The small Micronesian island of Yap is both geographically and economically isolated. Historically, the Yapese did engage in trade with other islanders, but it happened infrequently and Yap did not have close cultural links with its trading partners. Under this near-isolation, around two centuries ago the Yapese developed an innovative exchange system that comes surprisingly close to how money is used today.

While the Yapese used pearl shells as everyday currency, the island lacked the materials that people could use to make coins of greater value, such as durable rock or precious metals. So, the Yapese travelled hundreds of kilometres across the sea to Palau, where they carved large limestone discs (called rai) from quarries. These discs varied in size, from a few inches to twelve feet in diameter, and the largest required many men to lift. To make the discs easier to transport, the Yapese carved a hole into the middle of each disc so a rope or wooden pole could be used to carry it.

The quarrying and transport of rai was an important economic activity. According to one estimate, in the late 19th century, over 10% of adult men were involved in these expeditions (Bryan, 2004). Village chiefs acted like today’s central bankers, controlling the number of expeditions and quantity of rai in circulation. Village chiefs were also responsible for determining the value of each rai (in terms of pearl shells), which not only depended on its size but also the difficulty involved with obtaining it. For example, rai that involved greater risks when quarrying or were cut using shell tools and transported by canoes were valued more highly than similarly-sized rai that were cut using iron tools or transported by Western ships. Rai that were very costly to obtain were even given names, such as the village chief’s name or the name of the canoe that transported it.

The value of each rai was never written down, but was instead kept in collective memory, passed down from generation to generation by tribal elders. Each rai has its own unique story that is also part of the oral history, detailing the relationships and transactions involving it. These stories help rai retain their value even once they become old or broken, making them worth more than comparably-sized newer rai. This common knowledge also makes it impossible for villagers to steal or counterfeit rai, and so large rai that are difficult to move can be publicly displayed around the island, sometimes in a symbolic location, or in “stone money banks” in the village centre.

Rai were exclusively traded within Yap, and the biggest rai were mainly used for large transactions, such as to purchase a plantation, and for conceptual exchanges (celebrating an event or recognising a favour). Like electronic money in modern economies, transactions involving rai do not require physical movement of the currency, only the communication that the currency’s ownership has been transferred. Even though Yap adopted the US dollar as its official currency in 1986, rai are still used in this way today, and continue to be passed down within families from generation to generation.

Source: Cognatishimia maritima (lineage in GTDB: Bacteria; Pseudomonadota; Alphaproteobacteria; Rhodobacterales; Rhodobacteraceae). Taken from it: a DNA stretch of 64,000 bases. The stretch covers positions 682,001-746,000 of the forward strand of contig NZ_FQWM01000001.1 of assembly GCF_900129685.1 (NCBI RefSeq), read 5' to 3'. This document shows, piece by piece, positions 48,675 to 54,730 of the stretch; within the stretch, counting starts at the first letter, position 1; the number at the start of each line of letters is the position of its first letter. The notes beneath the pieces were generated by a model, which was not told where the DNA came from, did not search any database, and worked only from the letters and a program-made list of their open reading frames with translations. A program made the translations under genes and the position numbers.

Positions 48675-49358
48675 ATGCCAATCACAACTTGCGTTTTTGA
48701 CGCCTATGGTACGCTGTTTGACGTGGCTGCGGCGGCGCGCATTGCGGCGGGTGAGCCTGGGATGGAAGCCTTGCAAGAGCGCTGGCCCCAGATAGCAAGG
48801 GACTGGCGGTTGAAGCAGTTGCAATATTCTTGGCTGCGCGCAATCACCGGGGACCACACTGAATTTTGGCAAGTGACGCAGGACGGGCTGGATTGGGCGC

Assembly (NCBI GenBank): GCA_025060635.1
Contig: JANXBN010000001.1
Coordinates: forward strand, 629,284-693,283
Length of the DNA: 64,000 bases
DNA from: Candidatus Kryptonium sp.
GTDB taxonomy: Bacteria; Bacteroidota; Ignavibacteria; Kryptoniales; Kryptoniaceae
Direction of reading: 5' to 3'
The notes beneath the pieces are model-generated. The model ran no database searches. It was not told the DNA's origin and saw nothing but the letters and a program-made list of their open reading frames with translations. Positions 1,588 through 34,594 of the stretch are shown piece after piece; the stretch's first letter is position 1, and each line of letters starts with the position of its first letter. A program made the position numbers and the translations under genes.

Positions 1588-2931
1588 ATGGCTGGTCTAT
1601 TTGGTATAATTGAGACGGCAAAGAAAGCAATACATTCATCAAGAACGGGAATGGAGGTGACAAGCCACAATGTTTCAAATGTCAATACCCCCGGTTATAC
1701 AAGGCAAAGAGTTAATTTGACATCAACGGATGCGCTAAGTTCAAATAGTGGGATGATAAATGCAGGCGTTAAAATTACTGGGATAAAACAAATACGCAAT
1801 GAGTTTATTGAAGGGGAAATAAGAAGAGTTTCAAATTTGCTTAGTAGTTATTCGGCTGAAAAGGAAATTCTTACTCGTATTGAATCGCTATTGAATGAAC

While Yap’s system of exchange has vastly different features from modern financial systems, both share a common element: trust. Without credibility, social interactions could not take place. And even the most geographically-isolated communities recognise the importance of social interactions. Each individual does not function in isolation, as a self-sustaining “Robinson Crusoe economy”, but instead relies on and benefits from interactions with others. The social distancing measures due to the COVID-19 pandemic have shown just how much we value these interactions, and the worth of a social interaction cannot be entirely measured in terms of money.

Economics is not only about money, it is also about the people who use it and the way they interact. How the economy, the society it is embedded in, and institutions that govern it function in an interrelated manner is what economics seeks to understand.



Bryan, M. F. (2004). Island money. Federal Reserve Bank of Cleveland

Gillilliand, C.L.C. (1975). “The stone money of Yap: A numismatic survey,” Smithsonian Studies in History and Technology, Number 23. Washington, D.C.: Smithsonian Institution Press

Goldberg, D. (2005). Famous myths of “fiat money”. Journal of Money, Credit and Banking, 957-967

Poole, R. M. (2018). “The tiny island with human-sized money”. BBC, 3 May